Multiple SPListItemCollection Query With SPFieldLookupValue

While SPList objects do not sustain true relational integrity due to the inherent nature of unstructured SharePoint data storage (in the current version at least), it is common within business applications to use Lookup field types are leveraged to build weak references between SharePoint lists. As such, typed collection queries become important, combining LINQ with method chaining allows us to write succinct SPListItem returns.

Firstly, let’s make some requisite test proxy objects:

SPWeb curWeb = SPContext.Current.Web;
SPList list1 = curWeb.Lists[“My First List”];
SPList list2 = curWeb.Lists[“My Second List”];
Now, let’s assume the following business requirement. I want to loop through list1, and match a returned SPField value to a string condition defined by a literal. Subsequently, the return will be used on the list2 SPList object within the Where clause. This is considered in the following code snippet:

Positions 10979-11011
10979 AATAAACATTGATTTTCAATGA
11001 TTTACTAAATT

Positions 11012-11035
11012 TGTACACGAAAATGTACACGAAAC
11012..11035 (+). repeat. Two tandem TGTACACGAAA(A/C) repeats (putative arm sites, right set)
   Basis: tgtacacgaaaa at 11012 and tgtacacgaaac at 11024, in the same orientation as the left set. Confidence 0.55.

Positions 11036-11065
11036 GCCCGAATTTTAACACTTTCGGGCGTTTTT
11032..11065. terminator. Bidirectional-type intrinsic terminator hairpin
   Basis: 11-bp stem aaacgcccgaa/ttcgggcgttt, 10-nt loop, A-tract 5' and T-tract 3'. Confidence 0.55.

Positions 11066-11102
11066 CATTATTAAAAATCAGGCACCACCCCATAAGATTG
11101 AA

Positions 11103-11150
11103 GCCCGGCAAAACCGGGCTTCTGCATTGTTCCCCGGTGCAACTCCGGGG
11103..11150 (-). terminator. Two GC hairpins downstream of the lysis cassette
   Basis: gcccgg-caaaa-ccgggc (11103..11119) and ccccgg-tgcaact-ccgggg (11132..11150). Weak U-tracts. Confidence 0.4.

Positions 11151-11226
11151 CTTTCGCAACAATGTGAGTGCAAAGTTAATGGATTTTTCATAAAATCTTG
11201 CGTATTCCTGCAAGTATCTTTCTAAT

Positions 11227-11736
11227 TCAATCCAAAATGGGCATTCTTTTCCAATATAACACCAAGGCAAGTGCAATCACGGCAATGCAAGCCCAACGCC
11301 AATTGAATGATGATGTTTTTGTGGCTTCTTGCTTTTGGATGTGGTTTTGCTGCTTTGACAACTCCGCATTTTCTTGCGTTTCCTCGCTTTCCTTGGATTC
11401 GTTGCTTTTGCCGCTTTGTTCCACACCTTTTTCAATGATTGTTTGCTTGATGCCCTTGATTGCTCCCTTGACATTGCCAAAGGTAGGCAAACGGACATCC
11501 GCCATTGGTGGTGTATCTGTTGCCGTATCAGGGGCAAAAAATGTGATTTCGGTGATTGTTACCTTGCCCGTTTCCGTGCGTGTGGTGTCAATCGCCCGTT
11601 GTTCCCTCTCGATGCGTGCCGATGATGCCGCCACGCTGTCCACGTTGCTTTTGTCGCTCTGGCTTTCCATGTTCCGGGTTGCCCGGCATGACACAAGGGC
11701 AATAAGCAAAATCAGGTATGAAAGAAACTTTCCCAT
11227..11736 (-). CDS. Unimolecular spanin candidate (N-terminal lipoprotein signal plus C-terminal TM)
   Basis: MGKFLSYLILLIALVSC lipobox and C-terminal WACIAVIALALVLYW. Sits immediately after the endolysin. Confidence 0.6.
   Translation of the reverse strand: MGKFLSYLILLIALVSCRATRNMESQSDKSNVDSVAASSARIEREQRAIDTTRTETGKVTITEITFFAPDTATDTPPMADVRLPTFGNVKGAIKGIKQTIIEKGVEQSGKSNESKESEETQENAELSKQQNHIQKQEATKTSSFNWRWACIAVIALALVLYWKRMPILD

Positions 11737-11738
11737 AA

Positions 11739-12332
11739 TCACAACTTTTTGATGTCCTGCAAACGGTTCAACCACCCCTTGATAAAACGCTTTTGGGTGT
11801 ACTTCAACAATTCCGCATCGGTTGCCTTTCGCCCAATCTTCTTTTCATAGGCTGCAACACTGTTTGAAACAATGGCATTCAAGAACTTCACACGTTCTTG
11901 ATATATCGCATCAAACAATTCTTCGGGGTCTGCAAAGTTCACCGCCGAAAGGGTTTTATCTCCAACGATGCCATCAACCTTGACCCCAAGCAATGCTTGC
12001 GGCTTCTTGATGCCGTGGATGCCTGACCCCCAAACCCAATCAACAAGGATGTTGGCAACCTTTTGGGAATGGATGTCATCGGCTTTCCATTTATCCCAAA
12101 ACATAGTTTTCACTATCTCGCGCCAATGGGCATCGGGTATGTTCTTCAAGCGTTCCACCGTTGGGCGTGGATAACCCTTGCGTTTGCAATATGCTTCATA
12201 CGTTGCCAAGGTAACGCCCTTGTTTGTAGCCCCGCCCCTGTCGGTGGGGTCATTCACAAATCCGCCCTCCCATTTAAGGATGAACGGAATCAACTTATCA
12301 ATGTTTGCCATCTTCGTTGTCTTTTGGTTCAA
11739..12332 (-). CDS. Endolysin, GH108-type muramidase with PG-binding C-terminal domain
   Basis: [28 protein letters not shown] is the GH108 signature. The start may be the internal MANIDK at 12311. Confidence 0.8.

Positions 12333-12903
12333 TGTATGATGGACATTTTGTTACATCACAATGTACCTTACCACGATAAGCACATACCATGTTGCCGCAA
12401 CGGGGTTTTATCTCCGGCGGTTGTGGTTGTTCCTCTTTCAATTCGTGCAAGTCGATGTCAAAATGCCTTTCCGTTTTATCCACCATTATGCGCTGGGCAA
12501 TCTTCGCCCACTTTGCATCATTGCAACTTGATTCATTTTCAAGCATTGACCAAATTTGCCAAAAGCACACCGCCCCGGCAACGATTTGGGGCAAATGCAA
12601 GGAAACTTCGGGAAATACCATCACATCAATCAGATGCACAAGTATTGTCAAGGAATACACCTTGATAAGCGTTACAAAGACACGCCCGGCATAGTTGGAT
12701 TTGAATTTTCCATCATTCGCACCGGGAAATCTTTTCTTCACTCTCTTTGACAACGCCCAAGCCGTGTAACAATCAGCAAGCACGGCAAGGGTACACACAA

var resultSet  = list1.Items.Cast()
.Where(i => Equals (String.Compare(i[“Property To Match #1”].ToString(), “Example String Literal”), 0))
.SelectMany(x => list2.Items.Cast()
.Where(i => Equals(String.Compare(new SPFieldLookupValue(x[“Client”].ToString()).LookupValue, (string) i[“Property To Match #2”]), 0)));
The above code is arguable that the second casting operation for the typed collection build should be broken out into a separate variable before the call and replacing the Cast statement within SelectMany with the result of the call using ToList to forces immediate execution. Meh. :)



  1. Kirk C. says:

    Excellent! Much more succinct code then foreach loops over SPListItems.

  2. Matt T. says:

    Pretty reasonable, but debugging with it is difficult without excessive use of the immediate window in VS.NET.

  3. James Fortner says:

    This is pretty good, but debugging it is difficult to look at the collection building at run-time. I might use more local variables…but the end result would be the same…


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